HS Family–Question of the Week- Middle Schoolers


How do I keep my middle-schooler going and not fight me ALL THE TIME about doing school work?


I know when this question was asked, the reader was looking specifically for information for a child with Asperger’s, but as we all know, homeschoolers are great at taking an idea and transforming it into something that will work for their family. Please, if you have any experience with middle-schoolers, answer this question on your blog and link it in the linky form below, (on CHTS’s Site)  or answer in the comments below this their post. Thanks so much for participating in a little corner of the homeschool internet web to help support and encourage homeschool families around the globe. From Christian Homeschoolers Taking a Stand

This question was foremost on my mind when we hit 6th and 7th grade.  It was at the point that I saw School differently. Or thought my role as Teacher should change to be a bit more aggressive – direct.  I started looking towards the end goal of College or possible High School classes – It was when I started looking at The World’s Goals, instead of the goals that I had written down, through prayer, for my precious son.

We knew in the Kindergarten Level that my oldest son would not follow what might be considered a “normal” path.  He had Audio Memory Deficiency.  Which meant – no amount of telling him that the phonogram e made such and such sounds, and expect him to remember it an hour or a day later. We spent an entire year in battle – trying to “school at home”.  Battle? Aggressive? Direct? With a 5 year old? Praise the Lord that I had an amazing mentoring family who saw what was going on – and led me to read so many books on the learning styles and teaching styles of those who have gone before.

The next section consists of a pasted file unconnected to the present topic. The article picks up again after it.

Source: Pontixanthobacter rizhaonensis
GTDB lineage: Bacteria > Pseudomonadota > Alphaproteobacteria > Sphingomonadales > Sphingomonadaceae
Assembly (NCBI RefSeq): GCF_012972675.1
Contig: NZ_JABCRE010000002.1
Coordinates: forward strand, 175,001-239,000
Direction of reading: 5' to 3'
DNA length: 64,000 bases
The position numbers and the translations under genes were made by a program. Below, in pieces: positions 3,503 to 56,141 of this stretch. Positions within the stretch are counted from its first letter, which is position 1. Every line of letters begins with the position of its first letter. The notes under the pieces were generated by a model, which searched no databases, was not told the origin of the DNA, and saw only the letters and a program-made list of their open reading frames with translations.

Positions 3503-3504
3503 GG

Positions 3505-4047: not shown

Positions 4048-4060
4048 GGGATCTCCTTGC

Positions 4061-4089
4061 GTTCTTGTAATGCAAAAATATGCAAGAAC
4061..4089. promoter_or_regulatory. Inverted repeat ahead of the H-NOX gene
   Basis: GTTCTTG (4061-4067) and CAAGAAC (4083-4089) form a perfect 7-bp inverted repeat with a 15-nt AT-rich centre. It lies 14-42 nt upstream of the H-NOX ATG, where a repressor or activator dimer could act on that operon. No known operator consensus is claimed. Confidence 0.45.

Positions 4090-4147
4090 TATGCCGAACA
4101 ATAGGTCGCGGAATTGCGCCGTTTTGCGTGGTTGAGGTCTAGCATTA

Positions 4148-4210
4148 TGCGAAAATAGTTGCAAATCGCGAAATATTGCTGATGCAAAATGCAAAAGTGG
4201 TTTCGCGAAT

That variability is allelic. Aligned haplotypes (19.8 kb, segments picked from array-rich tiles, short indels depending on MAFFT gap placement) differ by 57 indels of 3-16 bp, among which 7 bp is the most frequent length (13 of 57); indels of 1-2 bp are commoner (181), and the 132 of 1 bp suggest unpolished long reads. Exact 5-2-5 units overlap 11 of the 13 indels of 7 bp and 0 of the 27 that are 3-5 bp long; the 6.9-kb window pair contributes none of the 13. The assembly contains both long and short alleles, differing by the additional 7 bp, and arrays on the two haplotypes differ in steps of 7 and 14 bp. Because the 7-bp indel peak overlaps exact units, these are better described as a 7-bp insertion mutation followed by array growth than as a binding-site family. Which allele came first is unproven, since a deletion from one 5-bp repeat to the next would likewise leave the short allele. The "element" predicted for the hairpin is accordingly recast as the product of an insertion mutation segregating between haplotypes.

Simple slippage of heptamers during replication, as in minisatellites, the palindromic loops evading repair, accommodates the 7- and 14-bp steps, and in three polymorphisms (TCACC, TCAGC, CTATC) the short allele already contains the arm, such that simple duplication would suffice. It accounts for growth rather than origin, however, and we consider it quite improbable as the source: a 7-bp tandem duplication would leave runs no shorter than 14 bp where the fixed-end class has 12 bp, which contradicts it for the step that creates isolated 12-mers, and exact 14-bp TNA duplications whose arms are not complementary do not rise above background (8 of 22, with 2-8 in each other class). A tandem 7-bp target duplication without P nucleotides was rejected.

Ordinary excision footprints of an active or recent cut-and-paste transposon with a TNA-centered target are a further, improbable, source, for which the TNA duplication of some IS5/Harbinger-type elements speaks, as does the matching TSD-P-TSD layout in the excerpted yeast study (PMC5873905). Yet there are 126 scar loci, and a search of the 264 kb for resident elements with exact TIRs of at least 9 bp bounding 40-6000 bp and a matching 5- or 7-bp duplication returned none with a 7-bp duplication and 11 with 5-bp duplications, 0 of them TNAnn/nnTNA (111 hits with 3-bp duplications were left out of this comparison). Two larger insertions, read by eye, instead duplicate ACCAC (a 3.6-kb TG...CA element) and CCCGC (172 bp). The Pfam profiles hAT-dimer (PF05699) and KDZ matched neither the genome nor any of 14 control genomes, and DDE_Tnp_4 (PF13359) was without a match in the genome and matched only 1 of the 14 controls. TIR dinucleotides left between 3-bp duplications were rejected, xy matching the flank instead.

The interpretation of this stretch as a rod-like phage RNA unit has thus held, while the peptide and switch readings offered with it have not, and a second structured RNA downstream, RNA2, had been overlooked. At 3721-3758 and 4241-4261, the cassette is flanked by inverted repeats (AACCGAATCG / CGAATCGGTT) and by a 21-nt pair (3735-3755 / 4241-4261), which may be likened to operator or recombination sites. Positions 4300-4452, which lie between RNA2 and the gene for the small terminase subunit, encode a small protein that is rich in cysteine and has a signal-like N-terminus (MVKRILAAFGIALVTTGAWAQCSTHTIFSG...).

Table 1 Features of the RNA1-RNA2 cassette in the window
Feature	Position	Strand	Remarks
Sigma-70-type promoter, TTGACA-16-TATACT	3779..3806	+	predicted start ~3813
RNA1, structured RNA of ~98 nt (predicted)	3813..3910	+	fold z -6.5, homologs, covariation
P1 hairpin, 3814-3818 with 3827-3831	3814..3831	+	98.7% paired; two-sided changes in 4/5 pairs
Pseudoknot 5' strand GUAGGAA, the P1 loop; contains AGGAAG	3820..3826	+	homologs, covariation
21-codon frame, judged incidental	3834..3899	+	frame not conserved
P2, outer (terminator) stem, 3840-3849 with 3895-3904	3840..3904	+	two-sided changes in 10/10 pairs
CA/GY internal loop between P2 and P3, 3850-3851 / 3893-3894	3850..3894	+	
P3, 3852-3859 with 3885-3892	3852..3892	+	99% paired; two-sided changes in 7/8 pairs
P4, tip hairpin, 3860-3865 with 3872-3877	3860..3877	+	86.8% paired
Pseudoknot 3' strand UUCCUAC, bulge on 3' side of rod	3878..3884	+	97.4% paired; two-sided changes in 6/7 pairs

What we did then – and now – is to look at the strengths. What does my son like to do? What ways does he enjoy doing it?  He’s a thinker/talker, not a writer. Most of our day is very verbal. He is a shar-er- not a listener of sorts. Conversation over Lecture. Math was manipulative – and not memorization. Stories. He needed to fully understand the why, the end result, to be interested in sorting out the how in the  middle.  Even now, at 13, I will feel the resistance, if I start blindly with a new topic introduction– without any build up.

I found that staying with one subject for a month – when he was younger – helped build the understanding and fire.  Unit Studies, Lapbooks, A solid chunk.

This is the first year we are doing a new type of schedule – and honestly – I wasn’t sure he’d be able to flip.  One topic for 2 days, One topic for 1 day, then One topic for 2 days.  History, Composers, Science. In a 5 day rotation.  So far, on the 4th day – he has done well.

Anytime I start to feel the “battle” I have to ask – where is the tension? Is it Character? Discipline? Interest? Nutrition? Rest? Outside Activities? – and look towards healing that area – first.

I like to make a fun breakfast, layout the path for his day with post it notes – giving him an idea of what the day will look like – and sometimes – I’ll sit at the table and actually start some of the lesson. Start Drawing – have fun pencils out – inviting. He’ll join me- and next thing ya know – its 11:30 and his core work is done.

My advice?  A few Questions – Why isn’t learning fun or exciting in the home? What point of battle has drawn a line of having the two of you toe that line as opponents?  What can be done to erase that line – putting you on the same team?  Look at curriculum options. I learned that my son had Learning Differences – not Learning DIS abilities. Spend time learning how he learns. Look at his play, his games, his friends, his interests. How does he learn something new that is his interest? – and you will find your answers.


About +Angie Wright

The Transparent Thoughts of an Unschooling Family of Boys - Answering the question - What DO you DO all day?
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